- The Washington Times - Wednesday, March 12, 2008

As Al Franken’s memorable “Saturday Night Live” character Stuart Smalley might affirm: He’s good enough, smart enough and doggone it, people like him.

The same could now be said about Mr. Franken as a political candidate. The former SNL comic and onetime “Air America” radio host has surprised many by becoming the Democrats’ front-runner in the fight for Minnesota’s Senate seat up for election this year.

While Minnesotans have been open-minded — they elected former professional wrestler Jesse “The Body” Ventura to be governor in 1998 — some had dismissed Mr. Franken as a celebrity candidate and political gadfly with no real shot when he signed off of his liberal radio show and announced his Senate run in 2007.

Now the Minnesota native, 56, who moved back to his home state from New York in 2005, is leading incumbent Republican Sen. Norm Coleman 49 percent to 46 percent in the latest Rasmussen poll, taken last month.

That showing, and the $7.2 million he raised for his bid in 2007, make him a serious contender, particularly after his chief Democratic rival, Mike Ciresi, dropped out of the race on Monday.

It also represents a slide for Mr. Coleman, who in 2002 won the Senate seat held by Paul Wellstone, a liberal Democrat who was killed in a plane crash while campaigning for re-election that year.

Mr. Coleman held a commanding lead in polls over the Harvard-educated Mr. Franken just a year ago. But that has evaporated as Mr. Franken, a Wellstone acolyte, has picked up key union endorsements and raised significant money.

Sarah Janecek, publisher of the Politics in Minnesota newsletter and a Republican activist, said she is surprised Mr. Franken has done so well, but adds that “celebrity is everything.” Still, she wondered how his negativity in his books and political commentary will play in the Midwest, far from the acid-throwing political scene in Washington.

“Al Franken comes across as negative and mean-spirited, and that is just not the Minnesota way,” she said.

“When you have a Barack Obama talking about not red states or blue states, but a United States, you could not in your wildest dreams picture Al Franken saying the same thing,” she said. “He’s too divisive a person to be united.”

But Wy Spano, director of the Center for Advocacy and Political Leadership at the University of Minnesota in Duluth, said Mr. Franken earned his status by doing basic work to connect with influential members of his party.

“He’s worked very, very hard,” Mr. Spano said. “He’s been in every county in Minnesota. He used his celebrity during the last election cycle to raise money for candidates all over the state. It became quite a thing for your local candidate for the state Senate to be able to have Al Franken be at his fundraiser. He’s built up a lot of goodwill.”

Mr. Franken, he added, is hardly an intellectual lightweight. He said that as a campaigner, Mr. Franken has a hard time staying on message and is given to wonkery at times, wanting to delve into the depth of issues as he takes to the stump.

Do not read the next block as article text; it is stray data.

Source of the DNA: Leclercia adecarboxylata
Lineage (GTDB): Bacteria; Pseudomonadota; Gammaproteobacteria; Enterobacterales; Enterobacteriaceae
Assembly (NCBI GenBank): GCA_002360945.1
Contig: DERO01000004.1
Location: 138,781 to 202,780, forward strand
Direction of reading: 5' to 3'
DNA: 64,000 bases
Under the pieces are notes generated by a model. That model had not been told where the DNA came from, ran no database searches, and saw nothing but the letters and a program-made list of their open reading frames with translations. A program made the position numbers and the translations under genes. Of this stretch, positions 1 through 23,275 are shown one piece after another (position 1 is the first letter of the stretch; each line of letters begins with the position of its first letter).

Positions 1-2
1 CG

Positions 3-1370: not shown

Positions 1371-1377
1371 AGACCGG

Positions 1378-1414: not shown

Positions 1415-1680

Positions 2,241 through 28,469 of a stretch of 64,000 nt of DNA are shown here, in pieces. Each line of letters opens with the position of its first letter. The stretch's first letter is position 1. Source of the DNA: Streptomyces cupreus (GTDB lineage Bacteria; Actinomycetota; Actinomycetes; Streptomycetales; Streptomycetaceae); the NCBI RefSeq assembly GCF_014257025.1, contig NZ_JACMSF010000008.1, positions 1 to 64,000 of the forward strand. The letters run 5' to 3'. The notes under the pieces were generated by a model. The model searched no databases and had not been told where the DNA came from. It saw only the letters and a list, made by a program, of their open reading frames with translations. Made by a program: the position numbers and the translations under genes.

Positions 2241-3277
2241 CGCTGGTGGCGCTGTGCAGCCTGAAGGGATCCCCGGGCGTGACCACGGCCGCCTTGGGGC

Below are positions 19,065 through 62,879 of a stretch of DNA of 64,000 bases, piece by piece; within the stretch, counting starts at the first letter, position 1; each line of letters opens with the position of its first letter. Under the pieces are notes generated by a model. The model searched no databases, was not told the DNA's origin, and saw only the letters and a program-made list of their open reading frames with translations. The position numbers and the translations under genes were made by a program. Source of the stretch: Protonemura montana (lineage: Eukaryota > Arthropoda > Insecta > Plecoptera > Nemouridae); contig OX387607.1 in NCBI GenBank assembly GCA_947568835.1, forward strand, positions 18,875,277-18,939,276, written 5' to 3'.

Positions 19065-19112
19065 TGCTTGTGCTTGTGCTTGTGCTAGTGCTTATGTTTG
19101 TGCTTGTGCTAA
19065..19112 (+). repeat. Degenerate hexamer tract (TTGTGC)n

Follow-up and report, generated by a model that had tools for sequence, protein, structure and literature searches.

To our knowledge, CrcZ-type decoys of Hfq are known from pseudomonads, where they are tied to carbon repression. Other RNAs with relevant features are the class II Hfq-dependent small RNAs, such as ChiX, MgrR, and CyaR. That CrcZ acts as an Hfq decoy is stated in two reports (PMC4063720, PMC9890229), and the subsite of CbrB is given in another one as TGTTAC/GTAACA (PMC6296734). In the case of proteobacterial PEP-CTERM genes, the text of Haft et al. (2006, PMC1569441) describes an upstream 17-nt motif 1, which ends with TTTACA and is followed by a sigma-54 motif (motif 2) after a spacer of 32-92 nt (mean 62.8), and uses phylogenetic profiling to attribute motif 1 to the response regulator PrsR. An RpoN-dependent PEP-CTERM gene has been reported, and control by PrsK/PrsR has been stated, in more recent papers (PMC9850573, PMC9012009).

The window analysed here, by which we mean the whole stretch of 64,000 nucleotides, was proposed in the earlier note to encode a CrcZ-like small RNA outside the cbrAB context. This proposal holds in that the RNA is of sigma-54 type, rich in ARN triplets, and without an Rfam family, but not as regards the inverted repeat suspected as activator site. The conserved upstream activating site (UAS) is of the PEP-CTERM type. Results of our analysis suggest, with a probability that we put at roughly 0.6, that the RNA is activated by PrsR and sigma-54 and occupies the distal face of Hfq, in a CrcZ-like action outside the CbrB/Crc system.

Mr. Spano said Mr. Franken also is helped by political conditions, giving Mr. Coleman “a nearly impossible task” in getting re-elected.

“The economy is in the tank here as elsewhere,” he said.

Minnesota Republican Party Chairman Ron Carey said Mr. Franken’s numbers will drop.

“The more Minnesotans kind of look under the hood at Al Franken, they are not liking what they see,” he said. “In the months ahead, we hope to unveil the real Al Franken, not the celebrity. Representing Minnesota in the Senate is not a funny job, it’s a very serious job.”

He said Minnesota Democrats who consider themselves moderates will turn to Mr. Coleman over “the extreme progressive politics that Al Franken is offering,” though he said the race will be tight.

“In Minnesota, there is no such thing as an easy race for Republicans or Democrats,” he said. “We expect that this will be a very close race.”

A spokeswoman for the Minnesota Democratic-Farmer-Labor party (DFL) said they remain neutral since another Democrat, Jack Nelson-Pallmeyer, a professor at the University of St. Thomas, continues to campaign against Mr. Franken for the DFL nomination.

Mr. Pallmeyer was running a distant third before trial lawyer Mr. Ciresi dropped out this week.

Mr. Franken earned the ire of conservatives as an author of two best-selling books, “Rush Limbaugh Is a Big, Fat Idiot,” in 1996, and “Lies and the Lying Liars That Tell Them: A Fair and Balanced Look at the Right,” in 2003. He took to the airwaves in 2004 as a host of his own show on “Air America,” a left-leaning counterbalance to conservative talk radio, but left after announcing he would run for the Senate.

There have been bumps on his political road. Mr. Franken came under fire last week when he agreed to pay a $25,000 fine to the state of New York because his business, Al Franken Inc., failed to carry workers’ compensation insurance for a three-year period from 2002 to 2005.

His campaign, which said the fine could be an error, acknowledged to reporters that he only discovered the matter after it was reported by a blogger.

His campaign said the repeated notices from New York were sent to his address there, while Mr. Franken had moved back to Minnesota. The campaign said the fine will be paid from his company funds, not out of campaign money.

Miss Janecek said the matter may yet trip up Mr. Franken, who has so far received strong union endorsements.

“He didn’t pay workers’ compensation and the state of New York fined him,” she said. “That is pretty inconceivable to labor in a state like Minnesota, where workers’ compensation is a top labor issue.”

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